A National Treasure is the most precious of Japan's Tangible Cultural Properties, as determined and designated by the Agency for Cultural Affairs. A Tangible Cultural Property is considered to be of historic or artistic value, classified either as "buildings and structures" or as "fine arts and crafts." Each National Treasure must show outstanding workmanship, a high value for world cultural history, or exceptional value for scholarship.
The Ujigami Shrine is a Shinto shrine in the city of Uji, Kyoto Prefecture, Japan. The shrine was built as a guardian shrine for the nearby Byōdō-in, and is adjacent to the Uji Shrine. In 1994, it was registered as a UNESCO World Heritage Site as one of the "Historic Monuments of Ancient Kyoto". The honden and haiden have been designated by the Agency for Cultural Affairs as National Treasures in the category shrines.
Hokki-ji or Hōki-ji – formerly known as Okamoto-dera (岡本寺) and Ikejiri-dera (池後寺) – is a Buddhist temple in Okamoto, Ikaruga, Nara Prefecture, Japan. The temple's honorary sangō prefix is "Kōhonzan" (岡本山), although it is rarely used. The temple was constructed to honor Avalokitesvara, and an 11-faced statue of the goddess is the primary object of worship in the temple. Hokki-ji is often considered to be one of the seven great temples founded by Prince Shōtoku, but in fact the temple was not completed until some decades after his death. In 1993, it was registered together with Hōryū-ji as an UNESCO World Heritage Site under the name Buddhist Monuments in the Hōryū-ji Area.
Chūson-jí (中尊寺) is a Buddhist temple in the town of Hiraizumi in southern Iwate Prefecture, Japan. It is the head temple of the Tendai sect in Tōhoku region of northern Honshu. The temple claims it was founded in 850 by Ennin, the third chief abbot of the sect. George Sansom states Chūson-jí was founded by Fujiwara no Kiyohira in 1095. Chūson-jí was designated as a Special Historic Site in 1979 and in June 2011 was listed as a UNESCO World Heritage Site as a part of the "Historic Monuments and Sites of Hiraizumi".
The UNESCO World Heritage Site Historic Monuments of Ancient Kyoto encompasses 17 locations in Japan within the city of Kyoto and its immediate vicinity. In 794, the Japanese imperial family moved the capital to Heian-kyō. Heian-kyō is located in today’s Kyoto city, a city that imitates Luoyang, China.The locations are in three cities: Kyoto and Uji in Kyoto Prefecture; and Ōtsu in Shiga Prefecture; Uji and Ōtsu border Kyoto to the south and north, respectively. Of the monuments, 13 are Buddhist temples, three are Shinto shrines, and one is a castle. The properties include 38 buildings designated by the Japanese government as National Treasures, 160 properties designated as Important Cultural Properties, eight gardens designated as Special Places of Scenic Beauty, and four designated as Places of Scenic Beauty. UNESCO listed the site as World Heritage in 1994.
The UNESCO World Heritage Site Historic Monuments of Ancient Nara encompasses eight places in the old capital Nara in Nara Prefecture, Japan. Five are Buddhist temples, one is a Shinto shrine, one is a Palace and one a primeval forest. The properties include 26 buildings designated by the Japanese Government as National Treasures as well as 53 designated as Important Cultural Properties. All compounds have been recognized as Historic Sites. The Nara Palace Site was designated as Special Historic Site and the Kasugayama Primeval Forest as Special Natural Monument. Tōdai-ji, Kōfuku-ji and the Kasugayama Primeval Forest overlap with Nara Park, a park designated as one of the "Places of Scenic Beauty" by the Ministry of Education, Culture, Sports, Science and Technology (MEXT). UNESCO listed the site as World Heritage in 1998.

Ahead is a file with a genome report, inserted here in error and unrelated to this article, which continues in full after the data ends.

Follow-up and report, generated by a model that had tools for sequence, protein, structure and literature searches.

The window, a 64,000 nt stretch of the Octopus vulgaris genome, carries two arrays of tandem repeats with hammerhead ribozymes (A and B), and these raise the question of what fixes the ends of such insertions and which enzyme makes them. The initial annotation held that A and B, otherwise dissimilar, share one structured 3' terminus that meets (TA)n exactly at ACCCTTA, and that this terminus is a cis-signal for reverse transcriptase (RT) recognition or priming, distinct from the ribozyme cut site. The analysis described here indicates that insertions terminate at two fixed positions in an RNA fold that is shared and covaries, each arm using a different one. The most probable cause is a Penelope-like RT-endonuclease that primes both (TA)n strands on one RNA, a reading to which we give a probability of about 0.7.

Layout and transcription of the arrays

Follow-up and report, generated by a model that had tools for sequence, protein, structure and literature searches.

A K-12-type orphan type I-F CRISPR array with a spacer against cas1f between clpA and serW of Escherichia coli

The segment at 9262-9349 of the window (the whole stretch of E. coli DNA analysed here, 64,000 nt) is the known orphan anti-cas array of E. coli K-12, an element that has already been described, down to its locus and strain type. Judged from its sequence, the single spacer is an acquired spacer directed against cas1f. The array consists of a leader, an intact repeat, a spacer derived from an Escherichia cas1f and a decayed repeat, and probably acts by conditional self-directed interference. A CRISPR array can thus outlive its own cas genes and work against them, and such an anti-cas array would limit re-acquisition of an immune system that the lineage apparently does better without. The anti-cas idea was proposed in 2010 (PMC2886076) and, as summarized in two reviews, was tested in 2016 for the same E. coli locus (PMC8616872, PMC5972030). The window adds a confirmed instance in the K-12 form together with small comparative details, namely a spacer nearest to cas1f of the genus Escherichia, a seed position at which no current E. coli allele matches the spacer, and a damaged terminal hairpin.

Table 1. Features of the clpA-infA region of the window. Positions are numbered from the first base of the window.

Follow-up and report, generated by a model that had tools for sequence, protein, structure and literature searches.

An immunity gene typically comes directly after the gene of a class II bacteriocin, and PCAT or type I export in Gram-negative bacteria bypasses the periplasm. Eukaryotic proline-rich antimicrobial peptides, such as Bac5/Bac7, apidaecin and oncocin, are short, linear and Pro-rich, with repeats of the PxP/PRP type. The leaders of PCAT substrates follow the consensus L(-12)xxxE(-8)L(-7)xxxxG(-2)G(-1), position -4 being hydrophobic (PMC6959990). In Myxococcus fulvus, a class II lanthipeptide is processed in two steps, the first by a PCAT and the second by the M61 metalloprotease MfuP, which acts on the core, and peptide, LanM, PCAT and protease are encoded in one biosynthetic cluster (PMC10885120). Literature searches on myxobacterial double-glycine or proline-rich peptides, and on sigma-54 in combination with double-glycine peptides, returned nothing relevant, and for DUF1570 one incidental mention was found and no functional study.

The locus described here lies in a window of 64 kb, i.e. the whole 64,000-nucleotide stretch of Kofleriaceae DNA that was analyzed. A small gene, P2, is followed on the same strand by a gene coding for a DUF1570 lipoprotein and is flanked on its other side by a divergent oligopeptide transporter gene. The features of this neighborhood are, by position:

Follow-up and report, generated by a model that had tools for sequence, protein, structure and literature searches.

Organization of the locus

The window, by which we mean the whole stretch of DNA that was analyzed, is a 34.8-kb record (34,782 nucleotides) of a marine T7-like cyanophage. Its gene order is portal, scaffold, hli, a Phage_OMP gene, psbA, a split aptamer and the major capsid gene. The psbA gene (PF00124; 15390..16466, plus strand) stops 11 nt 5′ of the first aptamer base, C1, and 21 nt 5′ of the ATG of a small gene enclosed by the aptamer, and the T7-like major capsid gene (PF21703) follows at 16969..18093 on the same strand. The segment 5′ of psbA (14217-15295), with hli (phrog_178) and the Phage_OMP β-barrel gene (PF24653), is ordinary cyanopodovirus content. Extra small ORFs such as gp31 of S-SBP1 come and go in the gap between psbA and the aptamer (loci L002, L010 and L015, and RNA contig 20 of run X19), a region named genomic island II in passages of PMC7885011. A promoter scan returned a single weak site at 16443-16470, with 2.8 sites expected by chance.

Hōryū-ji is a Buddhist temple that was once one of the powerful Seven Great Temples, in Ikaruga, Nara Prefecture, Japan. Its full name is Hōryū Gakumonji (法隆学問寺), or Learning Temple of the Flourishing Law, the complex serving as both a seminary and monastery.
A Cultural Property is administered by the Japanese government's Agency for Cultural Affairs, and includes tangible properties ; intangible properties ; folk properties both tangible and intangible; monuments historic, scenic and natural; cultural landscapes; and groups of traditional buildings. Buried properties and conservation techniques are also protected. Together these cultural properties are to be preserved and utilized as the heritage of the Japanese people.
A Tangible Cultural Property as defined by the Japanese government's Law for the Protection of Cultural Properties is a part of the Cultural Properties of high historical or artistic value such as structures, paintings, sculptures, handicrafts, calligraphic works, ancient books, historic documents, archeological artifacts and other such items created in Japan. All objects which are not structures are called "works of fine arts and crafts.
Hiraizumi – Temples, Gardens and Archaeological Sites Representing the Buddhist Pure Land is a grouping of five sites from late eleventh- and twelfth-century Hiraizumi, Iwate Prefecture, Japan. The serial nomination was inscribed on the UNESCO World Heritage List in 2011, under criteria ii and vi.
Muryōkō-in (無量光院跡) is former temple in Hiraizumi in what is now southern Iwate Prefecture in the Tōhoku region of Japan. The site is designated as both a Special Place of Scenic Beauty and a Special National Historic Site.